The Canadian Academy of Recording Arts and Sciences (CARAS) today announced RUSH — Geddy Lee, Alex Lifeson and Neil Peart — as the recipient of the 2015 Allan Waters Humanitarian Award, sponsored by Bell Media. The JUNO Award-winning and Rock And Roll Hall Of Fame trio exemplifies the spirit of the award through their music and devotion to philanthropy and humanitarian causes, both of which have touched millions of lives and spanned generations.
The Allan Waters Humanitarian Award recognizes outstanding Canadian artists whose contributions have positively enhanced the social fabric of Canada. Named after CHUM Ltd. founder Allan Waters, the award is made possible by funding from BCE-Bell Media Benefits. It will be presented to RUSH at the 2015 JUNO Gala Dinner & Awards on March 14, 2015 in Hamilton, Ontario.
Read more at Blabbermouth.net
The Wire takes a tour of the British Library’s Sound Archive, deep below its London residences on the Euston Road, to talk about sound conservation and take a tour of its collections with some of its key sound curators.
“The 20th century was about audiovisual material, our memory of the 20th century is heavily audiovisual, but our sense of the 21st century is going to be a different kind of audiovisual… archiving is not going to be so much about what we can bring in, but about what to exclude,” says Will Prentice, British Library Audio Engineer and Conservation Specialist.
Nathan Budzinski interviews Popular Music Curator Andy Linehan, Audio Engineer, Conservation specialist Will Prentice, and Wildlife Sounds Curator Cheryl Tipp.
Under the law that existed until 1978 . . . Works from 1958
The films Attack of the 50 Foot Woman, Cat on a Hot Tin Roof, and Gigi, the books Things Fall Apart, Our Man in Havana, and The Once and Future King, great music, and more. . .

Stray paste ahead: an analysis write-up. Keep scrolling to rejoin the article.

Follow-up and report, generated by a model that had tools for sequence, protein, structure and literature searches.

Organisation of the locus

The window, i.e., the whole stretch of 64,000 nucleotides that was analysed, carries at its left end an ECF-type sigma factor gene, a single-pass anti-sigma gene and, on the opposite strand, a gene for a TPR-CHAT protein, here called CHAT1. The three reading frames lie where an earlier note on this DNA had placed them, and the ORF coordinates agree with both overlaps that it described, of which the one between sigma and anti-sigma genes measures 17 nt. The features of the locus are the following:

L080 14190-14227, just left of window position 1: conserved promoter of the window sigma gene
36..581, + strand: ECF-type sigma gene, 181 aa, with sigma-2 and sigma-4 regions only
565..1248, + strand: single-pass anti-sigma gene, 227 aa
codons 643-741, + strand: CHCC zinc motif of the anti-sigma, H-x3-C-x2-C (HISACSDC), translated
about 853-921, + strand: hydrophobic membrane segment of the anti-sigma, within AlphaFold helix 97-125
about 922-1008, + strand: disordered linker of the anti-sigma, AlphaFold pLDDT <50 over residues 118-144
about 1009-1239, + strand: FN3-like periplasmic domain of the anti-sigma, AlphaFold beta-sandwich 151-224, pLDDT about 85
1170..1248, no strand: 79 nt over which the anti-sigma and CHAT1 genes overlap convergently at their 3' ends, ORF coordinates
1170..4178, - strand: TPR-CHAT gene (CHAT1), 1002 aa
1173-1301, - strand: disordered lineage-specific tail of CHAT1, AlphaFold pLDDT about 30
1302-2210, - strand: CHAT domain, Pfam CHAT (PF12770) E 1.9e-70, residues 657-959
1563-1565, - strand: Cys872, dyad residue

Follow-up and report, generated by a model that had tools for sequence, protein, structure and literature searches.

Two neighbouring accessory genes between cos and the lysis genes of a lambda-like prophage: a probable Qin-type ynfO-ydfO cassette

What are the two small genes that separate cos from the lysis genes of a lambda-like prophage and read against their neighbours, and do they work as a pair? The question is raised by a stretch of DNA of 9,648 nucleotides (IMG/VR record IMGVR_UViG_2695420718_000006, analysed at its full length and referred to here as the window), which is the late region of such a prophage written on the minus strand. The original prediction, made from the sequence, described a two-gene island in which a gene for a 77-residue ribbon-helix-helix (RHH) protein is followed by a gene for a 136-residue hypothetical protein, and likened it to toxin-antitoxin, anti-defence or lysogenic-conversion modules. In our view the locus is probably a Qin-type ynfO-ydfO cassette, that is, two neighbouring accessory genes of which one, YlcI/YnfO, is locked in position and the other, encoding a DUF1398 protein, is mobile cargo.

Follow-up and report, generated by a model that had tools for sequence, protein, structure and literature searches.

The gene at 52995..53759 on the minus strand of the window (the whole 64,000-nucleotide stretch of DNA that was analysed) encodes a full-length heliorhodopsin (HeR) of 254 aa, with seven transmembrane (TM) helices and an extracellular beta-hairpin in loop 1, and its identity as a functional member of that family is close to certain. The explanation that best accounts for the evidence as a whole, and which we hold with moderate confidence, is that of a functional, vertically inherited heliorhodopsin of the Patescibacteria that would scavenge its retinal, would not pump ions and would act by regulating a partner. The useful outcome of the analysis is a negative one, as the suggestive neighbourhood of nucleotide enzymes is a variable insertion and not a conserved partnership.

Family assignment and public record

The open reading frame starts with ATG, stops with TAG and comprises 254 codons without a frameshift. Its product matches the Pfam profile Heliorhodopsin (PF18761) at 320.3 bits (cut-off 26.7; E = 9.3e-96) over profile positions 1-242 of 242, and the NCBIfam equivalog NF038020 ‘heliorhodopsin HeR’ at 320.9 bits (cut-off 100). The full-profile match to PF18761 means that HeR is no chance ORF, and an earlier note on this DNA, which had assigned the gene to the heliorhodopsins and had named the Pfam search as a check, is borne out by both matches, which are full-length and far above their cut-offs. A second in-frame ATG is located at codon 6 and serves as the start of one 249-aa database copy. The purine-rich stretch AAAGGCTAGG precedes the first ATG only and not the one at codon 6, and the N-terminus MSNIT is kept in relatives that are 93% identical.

Current US law extends copyright for 70 years after the date of the author’s death, and corporate “works-for-hire” are copyrighted for 95 years after publication. But prior to the 1976 Copyright Act (which became effective in 1978), the maximum copyright term was 56 years—an initial term of 28 years, renewable for another 28 years. Under those laws, works published in 1958 would enter the public domain on January 1, 2015, where they would be “free as the air to common use.” Under current copyright law, we’ll have to wait until 2054.1 And no published works will enter our public domain until 2019. The laws in other countries are different—thousands of works are entering the public domain in Canada and the EU on January 1.
Get the full list @ Center for the Study of the Public Domain.
Universal Music are to release 14 Rush albums from their Mercury days on high quality audio throughout 2015.
Last month the band released their long-awaited R40 box set – a six-disc collection of live recordings plus previously unseen footage from their early days. Now a run of reissues will launch next year, starting in January with 1975’s Fly By Night and ending in December with 1989’s A Show Of Hands.
All the records will be reissued on vinyl and bundled with a code for the digital audio version and high resolution digital audio release, while Fly By Night, A Farewell To Kings and Signals will also be issued on Blu-ray audio.
Read the full article @ TeamRock.com.